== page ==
In the decades after 1945, Britain witnessed a dramatic period of technological innovation and expansion. Decommissioning the twentieth century considers this phenomenon and its aftermath.
The state transformed the countryside with grids of pylons, huge concrete edifices, and a new era of extraction, while both rural and urban societies and economies adapted to the new cultures of energy, communication and leisure.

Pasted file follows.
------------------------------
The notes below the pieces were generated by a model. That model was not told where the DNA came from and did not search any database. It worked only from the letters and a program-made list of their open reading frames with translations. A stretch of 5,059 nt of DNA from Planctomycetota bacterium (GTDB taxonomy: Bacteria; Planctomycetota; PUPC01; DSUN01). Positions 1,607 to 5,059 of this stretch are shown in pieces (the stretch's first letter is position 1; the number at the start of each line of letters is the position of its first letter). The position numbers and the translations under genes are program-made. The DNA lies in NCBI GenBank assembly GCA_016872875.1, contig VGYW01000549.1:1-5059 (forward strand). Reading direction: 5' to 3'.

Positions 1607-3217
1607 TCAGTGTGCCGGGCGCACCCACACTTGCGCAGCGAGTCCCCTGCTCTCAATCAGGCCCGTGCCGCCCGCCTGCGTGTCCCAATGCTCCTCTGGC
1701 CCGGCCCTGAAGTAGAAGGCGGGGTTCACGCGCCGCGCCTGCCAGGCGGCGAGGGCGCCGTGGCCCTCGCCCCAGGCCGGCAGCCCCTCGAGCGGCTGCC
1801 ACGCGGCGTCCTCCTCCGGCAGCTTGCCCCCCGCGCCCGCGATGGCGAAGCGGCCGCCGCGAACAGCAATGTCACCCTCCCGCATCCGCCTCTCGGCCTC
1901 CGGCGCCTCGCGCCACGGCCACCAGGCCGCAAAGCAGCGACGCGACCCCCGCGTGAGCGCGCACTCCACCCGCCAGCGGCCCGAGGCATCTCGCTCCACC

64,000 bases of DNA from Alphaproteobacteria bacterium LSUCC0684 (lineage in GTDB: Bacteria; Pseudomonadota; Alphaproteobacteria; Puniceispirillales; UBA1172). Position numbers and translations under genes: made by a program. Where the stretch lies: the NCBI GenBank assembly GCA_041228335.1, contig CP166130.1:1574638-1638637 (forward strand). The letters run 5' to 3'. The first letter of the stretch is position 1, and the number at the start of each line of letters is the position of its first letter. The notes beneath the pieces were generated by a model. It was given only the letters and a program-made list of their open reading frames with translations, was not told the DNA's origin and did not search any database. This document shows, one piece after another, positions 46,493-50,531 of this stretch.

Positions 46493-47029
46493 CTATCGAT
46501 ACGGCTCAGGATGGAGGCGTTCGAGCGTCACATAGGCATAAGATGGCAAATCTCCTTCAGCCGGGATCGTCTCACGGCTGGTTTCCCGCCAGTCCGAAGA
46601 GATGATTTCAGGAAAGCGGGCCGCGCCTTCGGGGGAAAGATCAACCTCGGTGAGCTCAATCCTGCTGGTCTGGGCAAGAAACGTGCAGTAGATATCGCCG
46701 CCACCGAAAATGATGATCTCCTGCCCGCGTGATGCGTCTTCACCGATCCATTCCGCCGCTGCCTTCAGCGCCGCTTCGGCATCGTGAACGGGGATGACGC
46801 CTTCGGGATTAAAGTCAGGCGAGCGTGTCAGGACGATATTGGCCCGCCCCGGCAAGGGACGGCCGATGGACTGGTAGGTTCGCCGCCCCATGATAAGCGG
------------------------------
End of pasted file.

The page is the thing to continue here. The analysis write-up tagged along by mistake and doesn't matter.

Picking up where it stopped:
As these infrastructures – and the lives that inhabited them – are variously abandoned, repurposed or demolished, this book visits four distinct locations to consider how the countryside became modern, what these sites mean now, and how we might remember them.
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